LAKE WALES — Trey Boone, a shooting guard on the Vanguard School varsity boys’ basketball team, has made remarkable moves on the court this season for someone who has only played competitively for two years.
He averages 16.3 points, 3 assists and 1.5 steals per game. He has made 99 3-pointers out of 199 attempts, making him one of the best 3-point shooters in the nation, averaging 50 percent. In fact, as of Feb. 7, he was No. 1 in Florida for 3-point field goals made in Class 2A high school basketball.
Golf is actually Boone’s main sport – he has played since he was 6 – but he took interest in basketball four years ago when his family moved to the Immokalee Reservation. He started going to the gym and playing with his older cousins, later joining the Immokalee community team to gain more experience and playing in NAYO and other reservation tournaments.
Boone started his high school career at Immokalee High School, where he played both basketball and golf, but transferred to the Vanguard boarding school during his sophomore year when his grades began to suffer.
Boone said balancing school work and sports at Vanguard is easier than he thought because of the smaller classrooms, time designated for studying and tutors.
“To be honest when I first interviewed Trey, he had struggled in school. He was going to have to work very hard to get his GPA up,” said basketball coach Dan Sheppard. “[Now] he’s a model student, one of those kids that people can talk to; he appreciates things in life that others don’t.”
Boone said his biggest challenge is being away from home.
“You learn how important school is and how it is to live without your family and your parents taking care of you,” he said.
But with cousins who attend Vanguard and parents who make the two-hour drive to attend most of his games, Boone has transitioned more easily to the change in schools.
“At first we didn’t want to send him away, but I look at it now as God’s plan,” said Boone’s mother, Gale Boone. “Maybe he didn’t make the grades in Immokalee High School because this is his plan.”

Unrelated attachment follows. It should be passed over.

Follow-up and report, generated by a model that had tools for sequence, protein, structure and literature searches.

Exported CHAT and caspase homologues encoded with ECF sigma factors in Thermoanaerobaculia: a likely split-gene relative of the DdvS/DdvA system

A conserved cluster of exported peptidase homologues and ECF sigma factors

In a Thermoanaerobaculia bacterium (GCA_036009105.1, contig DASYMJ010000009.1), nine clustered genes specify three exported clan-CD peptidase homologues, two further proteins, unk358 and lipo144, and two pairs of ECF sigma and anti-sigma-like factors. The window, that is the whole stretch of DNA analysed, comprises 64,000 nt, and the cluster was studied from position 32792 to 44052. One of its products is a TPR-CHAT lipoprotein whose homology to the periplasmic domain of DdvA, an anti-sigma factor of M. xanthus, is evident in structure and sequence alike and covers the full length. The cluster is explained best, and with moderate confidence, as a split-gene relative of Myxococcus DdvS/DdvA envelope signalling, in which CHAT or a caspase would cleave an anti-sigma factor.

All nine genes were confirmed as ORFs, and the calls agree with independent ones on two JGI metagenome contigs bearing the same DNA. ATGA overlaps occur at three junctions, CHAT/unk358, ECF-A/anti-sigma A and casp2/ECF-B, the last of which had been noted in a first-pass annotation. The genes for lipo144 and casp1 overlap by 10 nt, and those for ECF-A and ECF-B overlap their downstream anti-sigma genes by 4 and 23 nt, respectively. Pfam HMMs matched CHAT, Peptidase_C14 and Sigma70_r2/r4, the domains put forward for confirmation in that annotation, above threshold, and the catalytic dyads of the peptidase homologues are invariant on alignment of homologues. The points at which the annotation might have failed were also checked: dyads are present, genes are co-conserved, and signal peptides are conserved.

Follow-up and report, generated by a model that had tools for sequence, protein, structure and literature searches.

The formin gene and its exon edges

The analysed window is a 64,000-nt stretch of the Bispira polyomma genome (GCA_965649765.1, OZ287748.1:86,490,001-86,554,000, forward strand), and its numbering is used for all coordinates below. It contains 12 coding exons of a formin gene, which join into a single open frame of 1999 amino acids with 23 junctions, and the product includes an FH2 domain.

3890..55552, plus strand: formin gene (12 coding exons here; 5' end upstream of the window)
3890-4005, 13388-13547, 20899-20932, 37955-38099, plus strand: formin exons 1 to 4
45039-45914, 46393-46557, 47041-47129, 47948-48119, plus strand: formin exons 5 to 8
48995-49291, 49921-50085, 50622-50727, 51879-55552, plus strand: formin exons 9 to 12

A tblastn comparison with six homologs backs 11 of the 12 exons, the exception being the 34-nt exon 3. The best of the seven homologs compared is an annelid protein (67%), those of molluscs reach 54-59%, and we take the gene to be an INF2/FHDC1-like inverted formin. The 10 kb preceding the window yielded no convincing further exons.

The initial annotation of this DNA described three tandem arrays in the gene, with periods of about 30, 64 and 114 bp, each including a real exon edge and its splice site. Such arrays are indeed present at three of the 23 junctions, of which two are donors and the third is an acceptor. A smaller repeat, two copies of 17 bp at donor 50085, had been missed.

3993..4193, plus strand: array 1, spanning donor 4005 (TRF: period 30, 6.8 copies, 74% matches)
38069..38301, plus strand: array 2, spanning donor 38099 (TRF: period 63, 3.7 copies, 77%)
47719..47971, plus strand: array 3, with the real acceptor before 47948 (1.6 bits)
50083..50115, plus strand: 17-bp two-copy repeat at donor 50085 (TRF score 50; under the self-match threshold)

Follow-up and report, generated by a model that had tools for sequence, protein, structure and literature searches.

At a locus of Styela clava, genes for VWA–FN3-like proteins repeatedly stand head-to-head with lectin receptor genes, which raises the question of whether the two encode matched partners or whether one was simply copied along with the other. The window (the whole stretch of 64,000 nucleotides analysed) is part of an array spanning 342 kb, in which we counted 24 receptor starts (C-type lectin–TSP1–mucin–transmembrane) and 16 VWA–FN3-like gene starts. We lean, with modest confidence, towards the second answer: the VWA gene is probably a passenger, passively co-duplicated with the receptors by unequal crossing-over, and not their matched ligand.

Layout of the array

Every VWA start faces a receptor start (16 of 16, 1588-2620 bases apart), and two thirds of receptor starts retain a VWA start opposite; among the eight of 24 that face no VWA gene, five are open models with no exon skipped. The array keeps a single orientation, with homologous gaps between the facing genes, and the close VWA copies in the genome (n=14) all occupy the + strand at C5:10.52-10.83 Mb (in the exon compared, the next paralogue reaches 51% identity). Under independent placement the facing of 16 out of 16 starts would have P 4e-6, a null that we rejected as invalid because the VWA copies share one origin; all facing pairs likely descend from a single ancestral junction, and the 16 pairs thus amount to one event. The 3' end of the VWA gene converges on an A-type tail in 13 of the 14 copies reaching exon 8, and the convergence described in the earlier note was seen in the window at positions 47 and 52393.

The plan has led him to excel as captain of both the basketball and golf teams, and to be the sole Vanguard golfer to qualify for regionals – he missed states by only 10 strokes. He also joined the anti-bullying committee, was baptized and competed in golf and basketball in the Jim Thorpe Games last year.
Boone said he is surrounded by role models – from his father, Johnny Boone, whom he looks to for advice, to coach Sheppard, who helped him gain his confidence when he was struggling academically, to his grandmother Louise Motlow, who he loves dearly and who keeps him rooted in his culture by teaching him his native language.
Boone has big dreams of playing his two favorite sports at a Division 1 college, possibly studying biology and eventually playing professionally in both. The future of the Tribe is also important to him and he plans to give back in some way, potentially through Tribal government or teaching his little niece about sports.
“I think he is a great example for kids that don’t see a light at the end of the tunnel and then are able to find a school that works for them,” Sheppard said. “Whether it’s golf or basketball, I think you’re going to hear about him one day.”